I got a puncture, the eleventh of the trip we think, near the top of Six Mile Summit, not so positive, but we then managed to cover 32km in about an hour and a half, which was quick and felt good! We arrive into Houston, the rain is picking up and when we ring our hosts to let them know how we're getting on they offer us a lift up Hungry Hill to their house which we accept. Which was smart as the rain then really started and I think it would have been really dodgy to ride up as we could barely see out the truck windscreen with the wipers full whack so aside from the risk of drowning we'd have been pretty much invisible to the traffic which is not a safe situation at all. Dee and Doug's place was beautiful, we got clean, warm and dry, did laundry to dry our gear, put up our tent in their car port to dry out and got fed a scrumptious dinner. It was perfect and just what we needed. We then slept in the world's comfiest bed. In the morning Dee came down and said it was still raining but was meant to clear up so if we wanted to have a lazy start we could take advantage of the bed for a couple more hours, I was asleep again before you could say "bliss".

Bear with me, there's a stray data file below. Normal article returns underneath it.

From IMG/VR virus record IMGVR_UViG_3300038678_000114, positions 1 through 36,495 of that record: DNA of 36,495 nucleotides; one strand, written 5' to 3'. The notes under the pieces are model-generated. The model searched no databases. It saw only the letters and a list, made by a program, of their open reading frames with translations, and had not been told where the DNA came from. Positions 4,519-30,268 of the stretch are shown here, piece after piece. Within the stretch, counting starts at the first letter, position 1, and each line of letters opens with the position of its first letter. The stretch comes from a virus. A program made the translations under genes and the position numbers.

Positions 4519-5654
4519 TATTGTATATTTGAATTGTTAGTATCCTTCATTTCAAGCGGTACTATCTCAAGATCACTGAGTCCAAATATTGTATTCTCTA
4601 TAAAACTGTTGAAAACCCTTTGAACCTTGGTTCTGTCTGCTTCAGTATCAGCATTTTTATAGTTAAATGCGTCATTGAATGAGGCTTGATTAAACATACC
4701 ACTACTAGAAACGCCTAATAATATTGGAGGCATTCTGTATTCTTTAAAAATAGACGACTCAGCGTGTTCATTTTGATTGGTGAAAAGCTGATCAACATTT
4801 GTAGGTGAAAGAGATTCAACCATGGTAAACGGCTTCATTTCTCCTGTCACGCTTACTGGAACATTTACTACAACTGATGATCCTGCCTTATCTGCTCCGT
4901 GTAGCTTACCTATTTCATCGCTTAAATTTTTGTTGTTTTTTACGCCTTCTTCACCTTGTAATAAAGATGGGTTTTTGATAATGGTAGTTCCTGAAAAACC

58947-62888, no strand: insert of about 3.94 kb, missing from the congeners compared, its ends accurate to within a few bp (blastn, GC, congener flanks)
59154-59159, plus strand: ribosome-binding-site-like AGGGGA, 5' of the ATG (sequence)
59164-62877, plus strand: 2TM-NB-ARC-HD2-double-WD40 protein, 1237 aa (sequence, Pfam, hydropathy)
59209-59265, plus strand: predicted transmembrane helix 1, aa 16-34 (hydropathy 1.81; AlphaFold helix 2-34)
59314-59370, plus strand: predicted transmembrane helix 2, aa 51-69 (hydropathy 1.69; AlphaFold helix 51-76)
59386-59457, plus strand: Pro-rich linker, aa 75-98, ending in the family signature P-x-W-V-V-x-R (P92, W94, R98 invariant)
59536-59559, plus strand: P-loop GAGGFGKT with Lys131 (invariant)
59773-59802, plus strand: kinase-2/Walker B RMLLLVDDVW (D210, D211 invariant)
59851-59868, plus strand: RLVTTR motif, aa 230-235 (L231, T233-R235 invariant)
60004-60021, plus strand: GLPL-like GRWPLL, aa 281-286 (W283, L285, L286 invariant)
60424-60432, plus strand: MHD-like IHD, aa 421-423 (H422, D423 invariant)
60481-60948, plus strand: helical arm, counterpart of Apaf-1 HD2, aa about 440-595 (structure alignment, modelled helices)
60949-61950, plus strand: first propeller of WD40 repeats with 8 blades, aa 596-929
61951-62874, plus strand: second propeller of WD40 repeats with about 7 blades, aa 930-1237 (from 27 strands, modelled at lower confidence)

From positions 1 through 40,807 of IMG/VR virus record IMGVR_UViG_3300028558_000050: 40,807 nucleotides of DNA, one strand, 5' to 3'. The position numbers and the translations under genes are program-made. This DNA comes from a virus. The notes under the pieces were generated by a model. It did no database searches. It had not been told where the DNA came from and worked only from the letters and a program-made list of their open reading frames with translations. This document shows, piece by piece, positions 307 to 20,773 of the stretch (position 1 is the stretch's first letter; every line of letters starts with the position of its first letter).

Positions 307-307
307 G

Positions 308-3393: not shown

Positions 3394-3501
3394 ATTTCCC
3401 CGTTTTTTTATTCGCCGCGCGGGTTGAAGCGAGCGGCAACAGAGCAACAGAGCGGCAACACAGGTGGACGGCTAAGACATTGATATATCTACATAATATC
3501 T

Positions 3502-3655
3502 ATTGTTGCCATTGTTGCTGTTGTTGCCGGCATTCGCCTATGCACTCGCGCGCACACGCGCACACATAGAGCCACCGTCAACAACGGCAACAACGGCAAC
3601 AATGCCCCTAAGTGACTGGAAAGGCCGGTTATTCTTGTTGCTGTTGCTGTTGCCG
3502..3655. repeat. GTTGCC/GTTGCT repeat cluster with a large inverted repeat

The ride to Smithers was uneventful aside from our stop at the bakery in Telkwa. If you pass this place you have to stop. We got a ham and cheese croissant, a bear claw Danish and a cranberry and custard bun. All of them were beautiful but the cranberry and custard bun was mind-blowingly good. They make everything from scratch on site. It's just incredible. See it's all just getting better and better.

We got to Smithers and they had a little fete going on along Main Street with stalls and music and people doing mountain bike tricks off a dirt ramp. We had our loaded bikes with us and spoke to a lot of people. We were trying to figure out where to stay as the campsite turned out to be pretty pricey but lucky for us Bryan and Theresa came over to talk to us and offered us to stay at their place. Fantastic! We thought we'd be camping up there but they had a spare room, with a bed. We wandered around their home slack-jawed - they'd built it themselves, it was super eco friendly, really practically designed to make it as comfy and livable as possible, had a load of land, producing garden and a stunning view of Hudson Bay Mountain. It was like mine and Tom's dream home in many, many ways.